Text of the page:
Crush:
To press into very fine particles.
Cube:
To cut meat, poultry or vegetables into pieces. To cut food into 1/2 to 1-inch cubes.
Cumin:
Also known as Comino, Cumin seeds come in three colors: Amber, white and black. Cumin, a dried fruit of the parsley family is available in seed or ground form. It is most commonly used in Curry dishes and Chili dishes.
Curdle:
To congeal milk with heat until solid lumps or curds are formed.
Curdling:
Also known as syneresis or weeping. When egg mixtures such as custards or sauces are cooked too rapidly, the protein becomes over-coagulated and separates from the liquid leaving a mixture resembling fine curds and whey. If curdling has not progressed too far, it may sometimes be reversed by removing the mixture from the heat and stirring or beating vigorously. To prevent syneresis or curdling, use a low temperature, stir, if appropriate for the recipe, and cool quickly by setting the pan in a bowl of ice or cold water and stirring for a few minutes. The term curdling is usually used in connection with a stirred mixture such as custard sauce, while weeping or syneresis are more often used with reference to pie meringues or baked custards.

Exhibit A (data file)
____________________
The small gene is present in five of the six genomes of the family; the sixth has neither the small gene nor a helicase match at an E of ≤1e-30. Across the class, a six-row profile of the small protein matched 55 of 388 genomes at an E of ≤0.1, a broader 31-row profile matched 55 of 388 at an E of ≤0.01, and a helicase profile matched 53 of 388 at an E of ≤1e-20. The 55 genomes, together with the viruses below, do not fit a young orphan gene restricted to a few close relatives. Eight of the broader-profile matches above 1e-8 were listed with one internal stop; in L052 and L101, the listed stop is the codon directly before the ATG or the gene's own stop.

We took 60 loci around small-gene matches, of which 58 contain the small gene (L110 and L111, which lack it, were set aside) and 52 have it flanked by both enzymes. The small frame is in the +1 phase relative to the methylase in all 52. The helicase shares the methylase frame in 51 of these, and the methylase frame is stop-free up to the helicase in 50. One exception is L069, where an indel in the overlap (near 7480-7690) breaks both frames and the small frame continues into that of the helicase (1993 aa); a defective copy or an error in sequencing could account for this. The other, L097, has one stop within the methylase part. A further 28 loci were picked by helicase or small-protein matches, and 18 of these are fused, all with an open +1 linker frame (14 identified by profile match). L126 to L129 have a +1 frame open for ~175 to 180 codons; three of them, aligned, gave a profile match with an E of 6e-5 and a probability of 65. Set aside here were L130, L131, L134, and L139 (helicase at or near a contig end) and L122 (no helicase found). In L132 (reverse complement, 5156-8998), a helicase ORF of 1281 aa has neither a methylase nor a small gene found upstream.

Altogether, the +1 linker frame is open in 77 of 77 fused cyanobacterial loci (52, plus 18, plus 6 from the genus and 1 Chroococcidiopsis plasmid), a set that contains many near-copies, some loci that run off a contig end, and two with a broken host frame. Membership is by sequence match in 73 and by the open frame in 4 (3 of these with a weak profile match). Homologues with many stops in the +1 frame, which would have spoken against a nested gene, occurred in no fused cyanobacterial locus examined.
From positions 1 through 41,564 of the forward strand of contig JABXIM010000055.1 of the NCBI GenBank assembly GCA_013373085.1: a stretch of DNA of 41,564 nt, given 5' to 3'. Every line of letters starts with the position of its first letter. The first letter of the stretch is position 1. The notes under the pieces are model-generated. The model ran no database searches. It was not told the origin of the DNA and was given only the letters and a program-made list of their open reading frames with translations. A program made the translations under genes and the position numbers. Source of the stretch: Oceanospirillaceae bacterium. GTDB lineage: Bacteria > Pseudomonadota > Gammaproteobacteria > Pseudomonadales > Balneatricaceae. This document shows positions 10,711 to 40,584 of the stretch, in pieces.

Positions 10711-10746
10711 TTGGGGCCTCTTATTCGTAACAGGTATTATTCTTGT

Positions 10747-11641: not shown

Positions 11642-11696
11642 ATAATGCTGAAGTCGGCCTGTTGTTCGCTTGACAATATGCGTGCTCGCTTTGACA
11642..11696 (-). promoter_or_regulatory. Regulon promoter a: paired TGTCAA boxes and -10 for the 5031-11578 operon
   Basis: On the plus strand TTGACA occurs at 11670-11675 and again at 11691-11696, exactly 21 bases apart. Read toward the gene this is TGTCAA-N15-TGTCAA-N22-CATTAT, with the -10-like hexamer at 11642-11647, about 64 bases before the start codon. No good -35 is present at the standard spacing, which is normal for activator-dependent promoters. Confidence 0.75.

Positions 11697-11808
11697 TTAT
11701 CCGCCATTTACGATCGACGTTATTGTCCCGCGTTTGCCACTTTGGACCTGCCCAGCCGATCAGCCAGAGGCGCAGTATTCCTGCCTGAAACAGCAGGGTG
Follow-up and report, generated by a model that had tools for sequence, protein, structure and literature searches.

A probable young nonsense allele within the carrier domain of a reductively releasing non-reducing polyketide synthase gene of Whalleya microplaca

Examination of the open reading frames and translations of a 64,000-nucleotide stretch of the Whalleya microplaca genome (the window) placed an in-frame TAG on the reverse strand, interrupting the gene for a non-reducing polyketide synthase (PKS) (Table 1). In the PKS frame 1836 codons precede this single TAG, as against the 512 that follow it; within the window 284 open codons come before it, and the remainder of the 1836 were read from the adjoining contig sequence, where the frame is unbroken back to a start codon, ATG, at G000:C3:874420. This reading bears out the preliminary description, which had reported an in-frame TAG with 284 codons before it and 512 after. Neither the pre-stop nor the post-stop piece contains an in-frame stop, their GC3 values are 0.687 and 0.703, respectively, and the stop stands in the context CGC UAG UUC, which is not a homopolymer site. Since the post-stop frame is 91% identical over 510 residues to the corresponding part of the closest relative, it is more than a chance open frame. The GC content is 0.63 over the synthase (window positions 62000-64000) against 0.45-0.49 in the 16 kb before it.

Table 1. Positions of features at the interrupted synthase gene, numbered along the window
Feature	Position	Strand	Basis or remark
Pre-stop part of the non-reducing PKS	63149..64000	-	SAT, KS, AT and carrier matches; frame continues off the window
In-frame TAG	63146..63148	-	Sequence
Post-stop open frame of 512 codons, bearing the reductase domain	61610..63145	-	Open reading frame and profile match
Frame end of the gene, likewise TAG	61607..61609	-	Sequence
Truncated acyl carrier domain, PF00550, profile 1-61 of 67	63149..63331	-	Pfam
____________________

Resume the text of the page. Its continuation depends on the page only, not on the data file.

Cut In:
To work a solid fat such as butter or shortening into dry ingredients. To combine a solid fat such as lard into dry ingredients by using either two knives in a short cutting motion or a pastry blender or even a fork to cut the fat into pieces of a desired size.
Custard:
A mixture of milk, beaten egg, and usually sweet or savory flavorings, which are cooked with gentle heat, many times in a bain-marie, double-boiler, or water bath.

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Dash:
A small amount less than 1/8 of a teaspoon (Use 1/2 of a 1/8 teaspoon measure).
Deep Fry:
To cook by completely immersing food in very hot fat.
Deglaze:
The use of wine, water, stock, or other liquid to dissolve food particles and/or caramelized drippings left in a pan after roasting or sauteing.
Demitasse:
A small cup of coffee served after dinner.
Deep-fry:
To cook in a deep pan or skillet containing hot cooking oil. Deep-fried foods are generally completely immersed in the hot oil.
Devil:
To prepare with spicy seasoning or sauce.
Dice:
To cut ingredients into small cubes; 1/4-inch for small, 1/3-inch for medium, 3/4-inch for large.
Dissolve:
To stir a solid food into a liquid to form a mixture in which the solid food does not remain.